It's been a steep learning curve for EA Sports to go talk to a woman - talking to a girl for goodness sakes! - and bringing in consultants, bringing in trainers, really getting the balance and the personalisation right, and [we're] delighted with the final product and couldn't be more excited about the launch of this.
As I said in my remarks earlier, 'games for good' is something we should take with some seriousness around our gaming industry and I think Nintendo's taught us the opportunity with fitness, health and wellness, and who better than EA Sports to take advantage of that?
Eurogamer: And the medical community is now turning to games as a useful tool in the fight against obesity, particularly childhood obesity - it's just getting that message across that games is a socially responsible industry.
Peter Moore: Yeah, as you probably remember, I'm a former P.E. teacher and I can remember the difficulty of getting kids out on a cold day to play rugby or whatever it used to be in those days, and I see more and more, how do you make physical exercise more relevant to the modern lifestyle? And tying it to a videogame seems like the obvious thing to do to get kids more interested in it.
I think we have a huge opportunity to impact change, and boy do we have a childhood obesity issue in the United States. And if you can make exercise fun, and you can make it more relevant to their regular lives, then job well done for us.
Eurogamer: With your wealth of experience of doing E3 shows, what do you think each platform holder needs to achieve this year?
Peter Moore: First of all, I think all three platforms in their own right are doing very well. I think the industry is incredibly healthy - if you look at the numbers, certainly the Nintendo Wii continues to bring new people into our business, and boy are we thankful for that. And we as an industry need to continue to take advantage of that and maybe make better games for the Wii, and make sure we're delivering entertainment that that consumer wants at that time.
The 360 and the PS3 are obviously in a slightly different space. I think online in both seems to be giving us a lot of business opportunities going forward for us to take advantage of, and it's going to be interesting. To your point, it feels like the old E3s again, and while it's not going to be as big as the 60-70,000 days, 45,000 sounds pretty big to me. And it seems like there'll be a little bit more of a consumer linkage this time.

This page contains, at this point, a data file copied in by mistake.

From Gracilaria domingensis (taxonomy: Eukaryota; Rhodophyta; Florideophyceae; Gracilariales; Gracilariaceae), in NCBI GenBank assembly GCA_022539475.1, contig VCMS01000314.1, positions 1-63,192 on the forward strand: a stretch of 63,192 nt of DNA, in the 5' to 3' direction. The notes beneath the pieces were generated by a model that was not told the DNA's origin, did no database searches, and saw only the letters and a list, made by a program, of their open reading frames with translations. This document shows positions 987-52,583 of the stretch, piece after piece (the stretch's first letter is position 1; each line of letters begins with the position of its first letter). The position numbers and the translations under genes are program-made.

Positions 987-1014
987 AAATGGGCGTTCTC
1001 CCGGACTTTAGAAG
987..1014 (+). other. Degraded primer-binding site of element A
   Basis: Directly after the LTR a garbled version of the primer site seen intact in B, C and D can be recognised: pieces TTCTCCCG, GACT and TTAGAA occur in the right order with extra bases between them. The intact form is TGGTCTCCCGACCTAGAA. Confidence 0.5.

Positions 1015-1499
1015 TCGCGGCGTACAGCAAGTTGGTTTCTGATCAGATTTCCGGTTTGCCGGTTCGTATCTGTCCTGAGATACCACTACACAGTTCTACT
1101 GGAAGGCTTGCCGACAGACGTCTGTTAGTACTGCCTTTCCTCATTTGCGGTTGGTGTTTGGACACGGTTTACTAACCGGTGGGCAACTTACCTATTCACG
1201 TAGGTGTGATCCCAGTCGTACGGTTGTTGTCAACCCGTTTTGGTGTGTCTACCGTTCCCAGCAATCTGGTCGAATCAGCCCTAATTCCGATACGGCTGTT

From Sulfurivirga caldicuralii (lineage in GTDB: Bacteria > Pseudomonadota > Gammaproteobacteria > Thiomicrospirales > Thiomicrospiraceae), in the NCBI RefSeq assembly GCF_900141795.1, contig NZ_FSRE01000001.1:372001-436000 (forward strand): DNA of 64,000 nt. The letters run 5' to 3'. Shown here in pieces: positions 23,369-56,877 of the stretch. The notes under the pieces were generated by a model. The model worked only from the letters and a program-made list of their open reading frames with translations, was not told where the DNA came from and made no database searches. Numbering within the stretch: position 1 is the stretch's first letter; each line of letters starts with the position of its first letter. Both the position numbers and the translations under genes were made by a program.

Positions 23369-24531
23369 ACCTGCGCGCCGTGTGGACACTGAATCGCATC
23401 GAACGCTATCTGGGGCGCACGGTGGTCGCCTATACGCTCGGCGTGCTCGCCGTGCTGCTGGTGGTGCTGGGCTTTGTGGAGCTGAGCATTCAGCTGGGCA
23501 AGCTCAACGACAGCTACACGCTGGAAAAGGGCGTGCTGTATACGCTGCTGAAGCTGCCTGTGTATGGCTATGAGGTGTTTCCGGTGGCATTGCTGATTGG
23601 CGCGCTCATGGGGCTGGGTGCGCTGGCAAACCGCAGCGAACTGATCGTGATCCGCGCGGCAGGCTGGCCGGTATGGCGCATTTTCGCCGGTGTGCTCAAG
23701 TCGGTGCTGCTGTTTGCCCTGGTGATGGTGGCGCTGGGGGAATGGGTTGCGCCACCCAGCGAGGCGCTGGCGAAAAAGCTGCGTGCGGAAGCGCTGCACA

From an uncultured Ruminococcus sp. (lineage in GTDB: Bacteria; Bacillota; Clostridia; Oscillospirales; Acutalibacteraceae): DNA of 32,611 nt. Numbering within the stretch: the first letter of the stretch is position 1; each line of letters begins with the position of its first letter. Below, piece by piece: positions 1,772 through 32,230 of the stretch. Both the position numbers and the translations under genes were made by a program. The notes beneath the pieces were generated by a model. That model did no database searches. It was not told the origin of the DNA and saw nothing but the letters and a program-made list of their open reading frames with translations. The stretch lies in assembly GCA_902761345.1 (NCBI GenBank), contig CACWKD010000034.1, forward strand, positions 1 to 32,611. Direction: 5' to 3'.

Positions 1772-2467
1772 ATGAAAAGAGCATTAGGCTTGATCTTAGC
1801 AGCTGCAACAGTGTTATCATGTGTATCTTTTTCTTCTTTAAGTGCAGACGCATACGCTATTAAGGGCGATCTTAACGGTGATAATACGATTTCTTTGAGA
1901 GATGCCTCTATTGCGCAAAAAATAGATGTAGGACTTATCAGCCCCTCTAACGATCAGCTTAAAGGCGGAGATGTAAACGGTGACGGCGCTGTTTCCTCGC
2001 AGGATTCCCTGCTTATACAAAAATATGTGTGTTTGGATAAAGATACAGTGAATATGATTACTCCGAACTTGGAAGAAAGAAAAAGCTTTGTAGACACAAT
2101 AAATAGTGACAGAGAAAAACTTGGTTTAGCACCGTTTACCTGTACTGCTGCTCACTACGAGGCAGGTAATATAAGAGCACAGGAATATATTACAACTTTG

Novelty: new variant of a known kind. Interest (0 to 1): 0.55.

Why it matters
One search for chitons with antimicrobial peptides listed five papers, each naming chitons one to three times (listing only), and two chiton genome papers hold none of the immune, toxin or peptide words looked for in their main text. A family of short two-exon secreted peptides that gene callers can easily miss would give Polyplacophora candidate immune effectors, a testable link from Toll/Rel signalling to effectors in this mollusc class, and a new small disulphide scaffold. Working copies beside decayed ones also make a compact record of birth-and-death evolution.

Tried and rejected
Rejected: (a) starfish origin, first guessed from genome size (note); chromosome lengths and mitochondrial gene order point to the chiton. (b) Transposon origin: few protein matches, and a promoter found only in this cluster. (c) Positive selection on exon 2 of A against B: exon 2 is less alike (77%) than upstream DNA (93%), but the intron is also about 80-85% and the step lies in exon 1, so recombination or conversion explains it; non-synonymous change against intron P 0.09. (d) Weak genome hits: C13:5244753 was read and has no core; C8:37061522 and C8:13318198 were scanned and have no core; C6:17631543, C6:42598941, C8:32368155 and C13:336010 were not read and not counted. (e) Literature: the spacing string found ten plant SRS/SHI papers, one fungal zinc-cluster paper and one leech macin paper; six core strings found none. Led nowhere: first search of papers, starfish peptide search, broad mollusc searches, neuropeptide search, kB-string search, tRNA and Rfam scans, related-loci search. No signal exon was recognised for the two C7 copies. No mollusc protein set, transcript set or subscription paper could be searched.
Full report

Eurogamer: As a major publisher boss, but with your prior Microsoft connections, are you privy to the plans of Nintendo and Sony, as well as the Microsoft?
Peter Moore: Mmm, no.
Eurogamer: Are you anticipating new hardware - not in terms of new consoles, although we believe a new PSP is almost certainly going to happen - but in terms of new peripherals, that kind of thing?
Peter Moore: I don't actually worry about that. Our primary focus is making sure that we have our own press conference as well, which will be on the Monday, and we're focused on making sure we're delivering that. We look forward with everybody else to sitting in the audience of the Microsoft, Sony and Nintendo press conferences and learning what the future is with that. So no, I'm not privy to it, I've got enough to worry about. I think I understand what I need to do to be successful at E3 and get ready for the holiday.
Eurogamer: Is EA Sports working on any titles specifically to take advantage of any new hardware that might be unveiled at E3?
Peter Moore: No.
Eurogamer: So you're going to do your own show at E3. And that's one of the things EA hired you for, to be at the front and the personality. The other thing you're doing, of course, is your blog - how's that going?
Peter Moore: The blog is just a barrowload of monkeys. I thoroughly enjoy it; it's a great forum for having controversial subjects. You've got to have some thick skin, as you know, and you have a lot of critics which is perfectly fine, and you get a lot of feedback. Most of it is very valid and you have to pick through it, and our teams read it. I love the ability to interact directly with consumers. Most of them like the ability to interact directly back with me!